Chinese-Canadians and immigrants, not investors from China, largely driving market, experts say

Aerial view of Simon Fraser University in Burn...Image via WikipediaBY BRIAN MORTON, VANCOUVER SUN

A growing belief that Metro Vancouver's hot housing market is being driven by Asian investment, primarily from mainland China, is a misconception, according to experts in the real estate field.
In fact, they say, evidence suggests buyers are mainly Canadian citizens, immigrants or new residents in Canada -many with strong links to mainland China and many residing and working in China while their families establish roots in B.C.
Most purchases are also being made as long-term holdings - in some cases for children attending local universities -with little of the quick "flipping" prevalent in previous hot markets.
"From what we've seen from most of the major launches, it's a different buying habit than previous runs on the market," Jennifer Podmore, real estate advisory leader for accounting giant Deloite, said in an interview Friday. "Generally, we're not seeing the investor as the main drivers of the market. There are certainly a lot more Asian purchasers, but not Asian investors coming to purchase a condo and then leaving.
"Most [buyers] have strong ties to Vancouver, meaning they're Canadians, immigrants or live here," added Podmore.
Daryl Simpson, Bosa Properties' vice-president of sales and marketing, agreed, citing their 202-unit Sovereign tower in Metrotown that recently sold out in one day, largely to ethnic Chinese buyers.
However, it's incorrect to identify the buyers as mainland Chinese, he said, because most came from other parts of Metro Vancouver. Some may have connections with mainland China, but no more than "half a dozen buyers" had addresses outside Canada.
In 2010 B.C. received about 47 per cent of Canada's investor-class immigrants, who must show a net worth of at least $1.6 million and are required to make an $800,000 investment in Canada, Podmore added.
While Chinese immigrants to B.C. represented about 19 per cent of the total immigration, Chinese and Taiwanese investor-class immigrants represented 79 per cent of the investor category.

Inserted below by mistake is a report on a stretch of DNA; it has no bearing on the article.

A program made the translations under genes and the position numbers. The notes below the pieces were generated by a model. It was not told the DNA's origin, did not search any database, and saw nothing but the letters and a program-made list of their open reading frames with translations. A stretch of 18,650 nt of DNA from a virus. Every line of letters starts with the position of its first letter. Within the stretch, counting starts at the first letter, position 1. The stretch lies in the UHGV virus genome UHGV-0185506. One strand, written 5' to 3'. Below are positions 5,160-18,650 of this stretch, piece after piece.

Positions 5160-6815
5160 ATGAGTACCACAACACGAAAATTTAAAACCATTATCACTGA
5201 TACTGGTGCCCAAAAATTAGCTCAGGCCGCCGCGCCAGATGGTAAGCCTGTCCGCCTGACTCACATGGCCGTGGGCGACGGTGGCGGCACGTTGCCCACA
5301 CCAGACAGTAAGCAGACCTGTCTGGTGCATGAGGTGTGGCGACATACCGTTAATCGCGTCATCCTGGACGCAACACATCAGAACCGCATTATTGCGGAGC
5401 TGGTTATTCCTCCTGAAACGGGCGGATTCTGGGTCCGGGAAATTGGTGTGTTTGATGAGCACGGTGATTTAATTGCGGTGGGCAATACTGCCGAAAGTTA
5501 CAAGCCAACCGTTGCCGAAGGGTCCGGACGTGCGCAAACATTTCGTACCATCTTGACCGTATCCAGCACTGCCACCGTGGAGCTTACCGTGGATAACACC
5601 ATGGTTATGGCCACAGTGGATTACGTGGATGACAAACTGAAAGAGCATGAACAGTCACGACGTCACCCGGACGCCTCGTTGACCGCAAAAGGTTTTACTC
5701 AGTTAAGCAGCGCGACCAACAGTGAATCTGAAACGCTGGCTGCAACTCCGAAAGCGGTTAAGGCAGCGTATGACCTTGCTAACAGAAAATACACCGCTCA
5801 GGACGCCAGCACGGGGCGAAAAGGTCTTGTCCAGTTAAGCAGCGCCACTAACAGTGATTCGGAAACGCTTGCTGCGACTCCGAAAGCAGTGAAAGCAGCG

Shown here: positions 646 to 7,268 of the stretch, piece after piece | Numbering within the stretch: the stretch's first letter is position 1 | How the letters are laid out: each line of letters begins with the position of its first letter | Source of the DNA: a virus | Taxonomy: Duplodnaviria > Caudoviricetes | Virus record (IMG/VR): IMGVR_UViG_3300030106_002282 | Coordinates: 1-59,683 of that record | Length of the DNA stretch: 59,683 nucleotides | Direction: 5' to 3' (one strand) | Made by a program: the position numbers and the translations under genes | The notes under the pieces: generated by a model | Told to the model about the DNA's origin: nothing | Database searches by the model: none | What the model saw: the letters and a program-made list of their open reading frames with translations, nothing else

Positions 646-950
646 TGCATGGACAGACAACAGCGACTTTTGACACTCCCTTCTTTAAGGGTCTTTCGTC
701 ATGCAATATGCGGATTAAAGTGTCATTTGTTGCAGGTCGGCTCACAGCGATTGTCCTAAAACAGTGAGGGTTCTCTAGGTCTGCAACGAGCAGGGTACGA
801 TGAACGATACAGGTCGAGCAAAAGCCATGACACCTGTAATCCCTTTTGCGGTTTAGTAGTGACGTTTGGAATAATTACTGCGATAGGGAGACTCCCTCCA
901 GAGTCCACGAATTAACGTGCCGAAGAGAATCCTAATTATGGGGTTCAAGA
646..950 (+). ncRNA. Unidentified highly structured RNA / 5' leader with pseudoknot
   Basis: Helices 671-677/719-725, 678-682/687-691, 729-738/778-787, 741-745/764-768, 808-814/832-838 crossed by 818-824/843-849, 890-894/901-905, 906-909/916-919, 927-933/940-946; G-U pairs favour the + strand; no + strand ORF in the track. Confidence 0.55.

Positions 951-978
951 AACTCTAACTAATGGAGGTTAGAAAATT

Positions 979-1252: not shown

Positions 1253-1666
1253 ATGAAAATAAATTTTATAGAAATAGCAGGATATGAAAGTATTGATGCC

Podmore's and Simpson's comments follow a surge in investment, largely by ethnic Asian buyers with links to mainland China, that's branching out from Richmond and Vancouver's west side as buyers look to other communities.
Several condominium towers in Burnaby, including Sovereign, sold out quickly in recent weeks, mainly to Asian buyers.
"If you see the type of demand that we've seen on the west side of Vancouver and Richmond spread elsewhere, it will push up prices, but it's unlikely to have the same dramatic effect on prices because there's much more of a supply of units elsewhere," Tsur Somerville, director of the centre for urban economics and real estate at Sauder School of Business at the University of B.C., said, adding that it's hard to conclude mainland Chinese buyers are behind the sales.
Robert Dominick, vice-president of sales and acquisitions for WestStone Properties, said Asian buyers are fuelling sales at his 393-unit Surrey City Centre highrise, Ultra.
"We opened the door for [our most recent] sales two weeks ago. We didn't advertise and simply through phone calls to Asian realtors in our first week we generated 23 sales."
Dominick said some buyers showed up on buying trips organized by Chinese-based tour operators, but that most aren't interested in "flipping."
He said many buyers involve China-based husbands with family in Metro Vancouver, while some want a condo for their children attending the nearby Simon Fraser University campus.
Polygon Homes president Neil Chrystal said it's difficult to say how many buyers are mainland Chinese investors, adding that "we see a lot of people speaking Mandarin, which is an indication." He noted that south Surrey, north Delta and West Vancouver are becoming more popular with Asian buyers.
Chrystal said that while their Chancellor highrise and two other Burnaby towers experienced lineups of predominantly Asian buyers, "a lot of the people were locals looking to downsize."
Meanwhile, a recent Landcor Data Corp. report said many of today's Chinese immigrants arrive "with fortunes intact, especially in the Lower Mainland, eagerly buying their own bits of the good life and helping buoy up real estate prices."
The report looked at luxury home sales in Richmond and Vancouver, matching new owners' Chinese surnames to see how many purchasers were Chinese, with 74 per cent fitting the criteria in 2010.
A recent China Daily report said Chinese home buyers have become the second-largest group of international buyers of U.S. homes -after Canadians.

Read more:


No comments:

Post a Comment

Subscribe to our newsletter

Recommended Books